Thursday, October 11th, 2018

Joji – Slow Dancing in the Dark

Looking forward to follow-up singles “Slow Dancing On My Own,” “Slow Dancing in the Street,” and “Slow Dancing on the Ceiling.”


Joshua Minsoo Kim: How should I respond to Joji’s career in general? It’s hard to say. I’ve come to understand the impact that Western cultural imperialism has had on my interaction with Asian representation in Western media, and Joji is perhaps its clearest example. With such little current representation, a part of me feels the need to be highly critical of anything that doesn’t meet my standards for good music. It’s predicated on a fear that non-Asians will quantify the value of all Asian art and culture through these few artists, and I certainly don’t want their views of us to be (any more) negative or limited. When Asians tell me they like artists like this, it reminds me of growing up and hearing Christian friends telling me I should hear a band because they’re “the Christian version” of X secular band — why should the nationality of an artist make me settle for second-rate, for second best?  Joji may be making a familiar melancholy strain of R&B but his career arc is something that I find meaningful. A part of me feels like his start as a YouTube comedian/comedy rapper was the only way he could’ve been granted the opportunity to be a Serious Artist. “Slow Dancing in the Dark” and its video are clear attempts at an Artfulness after years of painfully juvenile work. When I engage with it, I sense Joji feeling a satisfaction in making the art he finally wants, art that doesn’t make him feel pigeonholed. I’ve heard my Asian students sing Joji songs; they seem to find comfort in seeing such representation. I think he makes me feel the same.

Ryo Miyauchi: Joji sings of pain intensely as he can, though the song also carries a performative quality. Blame the current pop climate and its obsession with applying a forlorn, intoxicated haze to the music, but those synth smears are like the equivalent of an Instagram filter. His vocals are mumbled and slurred like he’s dabbing fake tears to a break-up letter, and that climactic scream in the chorus lifts off almost too perfectly. While I remain cynical witnessing everything working accordingly, I at least admit Joji knows the ins and outs of this sort of pop.

Katherine St Asaph: I refuse to indulge the “serious” turn by the creator of “HOT NICKEL BALL ON A PUSSY,” especially when his idea of R&B vocals and arrangements are, respectively, Future singing nursery rhymes and the Culex victory music from Super Mario RPG. (Provided by the guy from Chairlift — man, what a decline.) Knowing the industry these days he’ll turn into Childish Gambino in three years, although the ceiling for him’s probably closer to How to Dress Well.

Alfred Soto: He thinks this would-be sinister mumblecore popular in 2011 stands a chance in 2018? (Don’t answer).

Katie Gill: First of all, I have to give serious credit to Joji’s agent. This is the dude who came up with the dumb Harlem Shake video and now he’s singing something like this? Holy hell my man, you must have some good people on your team because that is some serious damage control. It’s a shame that the seriously good people don’t include any slightly good songwriters or producers: the vocals are over-processed to a point where I can’t understand some of the lines and the general mood of the song is a mopey ‘Post Malone meets those lo-fi anime hip-hop beats streams that are always trending on Youtube.’ It’s a bit of a mess.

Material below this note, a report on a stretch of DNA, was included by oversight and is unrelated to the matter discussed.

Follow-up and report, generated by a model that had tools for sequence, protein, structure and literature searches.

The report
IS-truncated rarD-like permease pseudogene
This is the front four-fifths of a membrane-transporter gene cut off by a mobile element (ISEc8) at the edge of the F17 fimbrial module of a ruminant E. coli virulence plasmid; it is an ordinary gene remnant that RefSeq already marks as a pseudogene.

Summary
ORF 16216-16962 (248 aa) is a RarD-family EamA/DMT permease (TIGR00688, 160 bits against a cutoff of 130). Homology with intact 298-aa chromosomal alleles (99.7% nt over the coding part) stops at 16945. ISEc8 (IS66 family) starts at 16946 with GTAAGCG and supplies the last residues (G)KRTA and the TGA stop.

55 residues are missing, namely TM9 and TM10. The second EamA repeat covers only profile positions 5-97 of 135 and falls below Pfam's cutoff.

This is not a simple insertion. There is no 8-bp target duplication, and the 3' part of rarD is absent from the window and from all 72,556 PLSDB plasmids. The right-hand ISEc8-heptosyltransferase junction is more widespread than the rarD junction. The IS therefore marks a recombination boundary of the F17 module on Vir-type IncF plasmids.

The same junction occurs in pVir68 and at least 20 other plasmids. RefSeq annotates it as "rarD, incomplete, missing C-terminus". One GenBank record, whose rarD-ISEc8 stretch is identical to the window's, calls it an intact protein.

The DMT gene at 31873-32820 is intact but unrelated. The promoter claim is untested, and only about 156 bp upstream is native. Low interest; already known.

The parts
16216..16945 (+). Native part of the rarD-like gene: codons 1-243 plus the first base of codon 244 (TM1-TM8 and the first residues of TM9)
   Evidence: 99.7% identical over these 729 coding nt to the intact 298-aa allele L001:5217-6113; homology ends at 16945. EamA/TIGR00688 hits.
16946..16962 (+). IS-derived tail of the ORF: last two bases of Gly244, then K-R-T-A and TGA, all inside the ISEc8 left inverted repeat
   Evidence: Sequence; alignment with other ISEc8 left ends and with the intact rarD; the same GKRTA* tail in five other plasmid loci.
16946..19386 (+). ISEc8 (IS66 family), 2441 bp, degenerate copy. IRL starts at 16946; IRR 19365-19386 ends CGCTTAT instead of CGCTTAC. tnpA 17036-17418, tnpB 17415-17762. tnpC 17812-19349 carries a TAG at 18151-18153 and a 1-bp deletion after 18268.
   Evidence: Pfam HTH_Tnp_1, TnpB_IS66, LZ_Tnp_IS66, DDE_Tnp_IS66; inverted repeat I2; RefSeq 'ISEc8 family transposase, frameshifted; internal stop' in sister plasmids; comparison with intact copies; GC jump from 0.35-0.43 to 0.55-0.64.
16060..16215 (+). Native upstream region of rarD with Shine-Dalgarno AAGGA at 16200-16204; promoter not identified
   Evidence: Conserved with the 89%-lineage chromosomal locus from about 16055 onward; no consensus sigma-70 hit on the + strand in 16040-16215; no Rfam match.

Taylor Alatorre: It’s not that it’s impossible to create a good ambient electronic power ballad, despite the apparent contradiction in terms. But it would require a much more deft handling of the transitions between woozy, stumbling verses and dramatic, cloud-parting chorus than exists here. And oof, that chorus: it’s an overly brassy, ear-splitting thing, so concerned with communicating that THESE ARE BIG FEELINGS that it leaves little space for the listener to contemplate their own. Forget for a moment that absolutely no one is slow dancing to this — you can’t even vibe to it, which is supposed to be the basic selling point of this genre. Not all of Joji’s songs are this grating, but if he keeps this up, I’d honestly prefer if he went back to doing perv-rap songs about Miranda Cosgrove.

Iain Mew: The slurred, approximate nature of the vocals isn’t a bad thing in itself but a bit unnecessary in context. The way the real focus of “Slow Dancing in the Dark” is on emotions provided via electro-symphonic lurches means it’s basically just a superior version of Bazzi, and leaning into that might have served it better.

Jibril Yassin: It’s as if the cyborg known as Post Malone became self-aware and decided to get realer than real. Any discernable meaning is lost in the sea of overblown synths and jarring multitracked vocals. Searching for a climax is meaningless — the peak begins and ends in darkness. 

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One Response to “Joji – Slow Dancing in the Dark”

  1. “a mopey ‘Post Malone meets those lo-fi anime hip-hop beats streams that are always trending on Youtube.’”

    omg! i applaud

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